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Monotherapy trial design: conversion versus de novo.

Abstract
It is difficult to design valid and well-controlled monotherapy trials that satisfy regulatory requirements and, at the same time, demonstrate the usefulness of a new drug in clinical practice. The conversion design is a drug-substitution trial in which patients with uncontrolled seizures are assigned to add-on treatment with an investigational drug and, usually, an appropriate control, after which pre-existing treatment is gradually discontinued. In the most utilised design, patients are randomised to receive a high dose versus low dose of the new drug, while concomitant medication is gradually discontinued. Exit criteria are predetermined to prevent excessive deterioration of seizures, and treatment retention time is used as the primary outcome variable to measure the effectiveness of the allocated treatments: the goal is to demonstrate higher retention rates in the high-dosage group. Conversion studies may help to fill some gaps in knowledge regarding efficacy and tolerability as monotherapy before larger-scale de-novo studies are started. In the de-novo design, newly diagnosed patients are randomised to receive the investigational drug or an active control. In equivalence (or non-inferiority) trials, the active control is usually an established antiepileptic drug (AED) such as carbamazepine or valproate, and outcome parameters may include proportion of patients achieving a predefined (for example, 6-month) seizure remission or the proportion of patients remaining in the trial (retention rate, a combined measure of efficacy and tolerability). In regulatory trials designed to show a difference, newly diagnosed patients are randomised to a high versus a low dose of the investigational drug, and exit criteria are again predetermined for patients whose seizures are not adequately controlled. In this case, outcome parameters may include time to first seizure in addition to retention in the trial. Comparative monotherapy trials in newly diagnosed patients are relevant to approximately 50% of the patients who develop epilepsy and can be satisfactorily managed with a single drug. These trials allow direct head-to-head comparisons and avoid the confounding effects of baseline drugs and co-medication withdrawal present in conversion studies. Long-term follow-up of patients who are receiving a drug in monotherapy at adequate doses gives the most clinically relevant answers regarding the usefulness of a new drug. It is concluded that the de-novo design is the gold standard when studying AEDs as monotherapy, but the conversion-to-monotherapy design can be used before starting the de-novo program in order to obtain estimates of efficacy and tolerability of the AED as monotherapy in a population of difficult-to-treat patients. With both designs, the use of suboptimal comparators incorporated into some of the regulatory trials is a cause of ethical concern.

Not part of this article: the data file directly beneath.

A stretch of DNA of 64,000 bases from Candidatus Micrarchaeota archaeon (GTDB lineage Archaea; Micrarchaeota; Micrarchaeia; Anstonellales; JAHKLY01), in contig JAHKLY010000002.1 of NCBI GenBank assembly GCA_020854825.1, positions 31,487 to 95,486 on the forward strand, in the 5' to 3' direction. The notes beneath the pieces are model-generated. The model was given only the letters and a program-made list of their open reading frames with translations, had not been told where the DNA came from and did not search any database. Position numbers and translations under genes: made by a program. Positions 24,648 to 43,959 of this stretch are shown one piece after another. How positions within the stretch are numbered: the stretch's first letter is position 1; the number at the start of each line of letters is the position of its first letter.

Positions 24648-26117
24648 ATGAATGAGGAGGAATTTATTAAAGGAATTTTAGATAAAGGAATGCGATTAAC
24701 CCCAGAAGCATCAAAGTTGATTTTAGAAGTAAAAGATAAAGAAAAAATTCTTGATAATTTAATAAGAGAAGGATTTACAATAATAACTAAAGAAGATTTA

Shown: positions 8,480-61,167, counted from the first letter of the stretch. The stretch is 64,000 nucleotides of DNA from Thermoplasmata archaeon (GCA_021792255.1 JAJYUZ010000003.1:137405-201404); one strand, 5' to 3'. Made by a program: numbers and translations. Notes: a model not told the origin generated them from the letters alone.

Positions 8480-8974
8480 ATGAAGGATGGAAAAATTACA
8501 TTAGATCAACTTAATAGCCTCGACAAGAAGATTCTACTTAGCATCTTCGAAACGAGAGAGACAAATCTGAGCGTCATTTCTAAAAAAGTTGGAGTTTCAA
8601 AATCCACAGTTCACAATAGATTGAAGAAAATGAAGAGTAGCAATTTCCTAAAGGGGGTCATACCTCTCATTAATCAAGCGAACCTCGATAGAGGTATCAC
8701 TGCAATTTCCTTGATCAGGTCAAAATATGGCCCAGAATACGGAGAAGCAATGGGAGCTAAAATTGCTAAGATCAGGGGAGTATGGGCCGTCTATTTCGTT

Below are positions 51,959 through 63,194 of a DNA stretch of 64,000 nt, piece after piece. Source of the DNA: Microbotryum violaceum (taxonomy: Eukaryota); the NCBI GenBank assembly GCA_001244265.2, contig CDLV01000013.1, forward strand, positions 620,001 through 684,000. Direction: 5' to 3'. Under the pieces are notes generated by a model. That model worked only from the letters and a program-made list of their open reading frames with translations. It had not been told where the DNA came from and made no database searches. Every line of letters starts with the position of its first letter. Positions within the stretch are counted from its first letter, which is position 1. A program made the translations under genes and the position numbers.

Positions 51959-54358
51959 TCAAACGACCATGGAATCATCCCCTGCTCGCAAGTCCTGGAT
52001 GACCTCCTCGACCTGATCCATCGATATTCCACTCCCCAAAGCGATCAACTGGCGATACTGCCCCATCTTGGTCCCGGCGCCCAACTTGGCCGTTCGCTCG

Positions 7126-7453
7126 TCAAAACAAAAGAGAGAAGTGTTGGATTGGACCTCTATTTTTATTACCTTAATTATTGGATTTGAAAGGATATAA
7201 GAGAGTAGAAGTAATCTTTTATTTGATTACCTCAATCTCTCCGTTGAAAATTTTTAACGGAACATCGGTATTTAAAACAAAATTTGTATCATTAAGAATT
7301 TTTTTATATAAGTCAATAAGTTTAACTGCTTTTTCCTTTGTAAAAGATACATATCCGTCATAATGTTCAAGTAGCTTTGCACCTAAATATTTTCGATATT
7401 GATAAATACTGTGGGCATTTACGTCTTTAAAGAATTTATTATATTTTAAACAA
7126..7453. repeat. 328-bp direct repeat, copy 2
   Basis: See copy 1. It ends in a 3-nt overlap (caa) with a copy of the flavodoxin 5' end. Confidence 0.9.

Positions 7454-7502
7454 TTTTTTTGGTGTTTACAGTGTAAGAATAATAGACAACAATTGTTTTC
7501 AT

AuthorsR Kälviäinen
JournalEpilepsy research (Epilepsy Res) Vol. 45 Issue 1-3 Pg. 75-8; discussion 79-80 (May 2001) ISSN: 0920-1211 [Print] Netherlands
PMID11461801 (Publication Type: Journal Article, Review)
Chemical References
  • Anticonvulsants
Topics
  • Anticonvulsants (adverse effects, therapeutic use)
  • Clinical Trials as Topic
  • Epilepsy (diagnosis, drug therapy)
  • Humans
  • Research Design

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